Later On

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Archive for July 5th, 2013

Justice, Texas style

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Kristin Gwynne reports at AlterNet:

The nineteen-year-old jailed for making a “terrorist threat” after posting an obviously sarcastic comment on Facebook is now reportedly on suicide watch in jail, where he has been held on $500,000 bond [3] since February. Texas gamer Justin Carter was arrested after for a remark he made during a Facebook debate about the videogame “League Legends.”  “[S]omeone had said something to the effect of ‘Oh you’re insane, you’re crazy, you’re messed up in the head,’” Carter’s dad Jack told ABC affiliate KVUE [4], “To which [Justin] replied ‘Oh yeah, I’m real messed up in the head, I’m going to go shoot up a school full of kids and eat their still, beating hearts,’ and the next two lines were ‘lol and jk’ [all sic].”

Carter struck a chord with a Facebook user concerned that he lived near an elementary school, and reported him to police. Now, the teenager is not only facing a third-degree felony and decade in prison, but is also dealing with the trauma of incarceration.

“Without getting into the really nasty details, he’s had concussions, black eyes, moved four times from base for his own protection,” Jack elaborated on Justin’s current condition in jail. “He’s been put in solitary confinement, nude, for days on end because he’s depressed. All of this is extremely traumatic to this kid. This is a horrible experience,” his dad told NPR [5].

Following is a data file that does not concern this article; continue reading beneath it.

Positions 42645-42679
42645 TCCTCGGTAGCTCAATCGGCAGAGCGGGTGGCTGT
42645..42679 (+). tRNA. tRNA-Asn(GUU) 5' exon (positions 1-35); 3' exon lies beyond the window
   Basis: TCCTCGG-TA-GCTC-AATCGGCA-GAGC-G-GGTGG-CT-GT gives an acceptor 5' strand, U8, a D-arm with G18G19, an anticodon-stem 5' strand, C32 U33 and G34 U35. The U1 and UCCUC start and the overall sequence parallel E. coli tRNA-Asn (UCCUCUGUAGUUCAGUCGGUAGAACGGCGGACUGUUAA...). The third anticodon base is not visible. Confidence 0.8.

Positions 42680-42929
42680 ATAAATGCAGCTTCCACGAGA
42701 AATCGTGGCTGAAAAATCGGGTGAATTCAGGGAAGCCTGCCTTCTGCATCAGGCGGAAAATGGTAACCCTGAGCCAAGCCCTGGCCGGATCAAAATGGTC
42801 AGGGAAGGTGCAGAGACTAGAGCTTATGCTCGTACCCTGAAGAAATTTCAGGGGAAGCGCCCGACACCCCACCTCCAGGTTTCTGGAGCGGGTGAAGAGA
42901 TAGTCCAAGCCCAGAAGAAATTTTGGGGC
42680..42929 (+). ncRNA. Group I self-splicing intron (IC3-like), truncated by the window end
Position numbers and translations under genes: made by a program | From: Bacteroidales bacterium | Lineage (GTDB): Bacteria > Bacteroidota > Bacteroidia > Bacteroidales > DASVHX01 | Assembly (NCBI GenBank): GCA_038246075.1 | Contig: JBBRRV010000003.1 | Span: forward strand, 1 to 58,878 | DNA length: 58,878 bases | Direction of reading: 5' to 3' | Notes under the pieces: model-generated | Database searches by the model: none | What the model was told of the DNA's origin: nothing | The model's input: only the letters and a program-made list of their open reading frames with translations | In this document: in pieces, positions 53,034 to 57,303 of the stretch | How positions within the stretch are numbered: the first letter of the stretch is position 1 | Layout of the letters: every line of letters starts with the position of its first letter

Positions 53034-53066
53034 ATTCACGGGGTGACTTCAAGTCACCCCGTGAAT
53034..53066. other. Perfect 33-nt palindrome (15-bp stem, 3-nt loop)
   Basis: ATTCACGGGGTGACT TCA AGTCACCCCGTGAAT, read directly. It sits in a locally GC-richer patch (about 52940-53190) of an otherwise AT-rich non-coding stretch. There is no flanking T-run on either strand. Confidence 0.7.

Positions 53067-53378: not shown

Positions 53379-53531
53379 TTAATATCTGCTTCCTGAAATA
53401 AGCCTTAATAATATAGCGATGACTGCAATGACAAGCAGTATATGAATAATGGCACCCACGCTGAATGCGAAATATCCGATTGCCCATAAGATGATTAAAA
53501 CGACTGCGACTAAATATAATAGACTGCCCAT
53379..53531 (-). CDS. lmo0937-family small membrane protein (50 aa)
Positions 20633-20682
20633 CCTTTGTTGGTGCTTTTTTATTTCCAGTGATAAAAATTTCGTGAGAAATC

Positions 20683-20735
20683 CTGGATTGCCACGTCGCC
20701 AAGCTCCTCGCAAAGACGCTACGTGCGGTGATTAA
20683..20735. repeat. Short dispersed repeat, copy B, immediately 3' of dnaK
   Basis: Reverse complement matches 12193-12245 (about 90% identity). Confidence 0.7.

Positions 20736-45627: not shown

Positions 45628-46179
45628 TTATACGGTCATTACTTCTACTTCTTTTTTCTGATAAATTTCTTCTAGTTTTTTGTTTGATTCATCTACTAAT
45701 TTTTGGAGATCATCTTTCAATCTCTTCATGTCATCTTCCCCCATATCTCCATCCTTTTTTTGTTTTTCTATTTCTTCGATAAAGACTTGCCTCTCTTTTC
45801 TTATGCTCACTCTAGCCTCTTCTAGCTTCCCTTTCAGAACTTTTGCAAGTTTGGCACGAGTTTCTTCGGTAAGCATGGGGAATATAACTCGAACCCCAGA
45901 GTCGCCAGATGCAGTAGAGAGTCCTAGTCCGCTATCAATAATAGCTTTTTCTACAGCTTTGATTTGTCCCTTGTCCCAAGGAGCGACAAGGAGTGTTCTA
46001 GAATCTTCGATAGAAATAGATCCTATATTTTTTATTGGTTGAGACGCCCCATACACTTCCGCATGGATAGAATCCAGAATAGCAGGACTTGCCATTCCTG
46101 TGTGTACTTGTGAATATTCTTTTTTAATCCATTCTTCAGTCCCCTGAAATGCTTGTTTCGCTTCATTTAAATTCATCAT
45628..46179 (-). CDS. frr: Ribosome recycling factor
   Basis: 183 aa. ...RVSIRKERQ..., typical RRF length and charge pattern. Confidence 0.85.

“He’s very depressed, very scared, and … concerned that he’s not going to get out,” Carter’s father Jack told CNN [6], “He’s pretty much lost all hope.” Carter’s parents do not have the means to come up with half-a-million dollars to release their son.

Carter’s dad said he understands sensitivity to police shootings, but that the The Comal County District Attorney could have made a far less punitive call.  “I definitely see the need to investigate such claims, absolutely,” Jack Carter told CNN [7], “But, at some point during the investigation, there has to be some common sense.”

The circumstances of his arrest and incarceration are, indeed, extreme. “I have been practicing law for 10 years, I’ve represented murderers, terrorists, rapists. Anything you can think of. I have never seen a bond at $500,000,” Carter’s attorney, Don Flanary, who has been representing the teenager pro-bono, told NPR.

Consider our response to a few acts of terrorism that in total killed fewer Americans than died in the wars we launched using the pretext of the attacks. The US now lives in a constant state of terror (I’m talking about officially: look at NSA, the Border Patrol, TSA, locking teenagers up for months for casual trash talk). We have not only permitted but practically requested the destruction of our most important values, including rights and liberties explicitly guaranteed in the Constitution.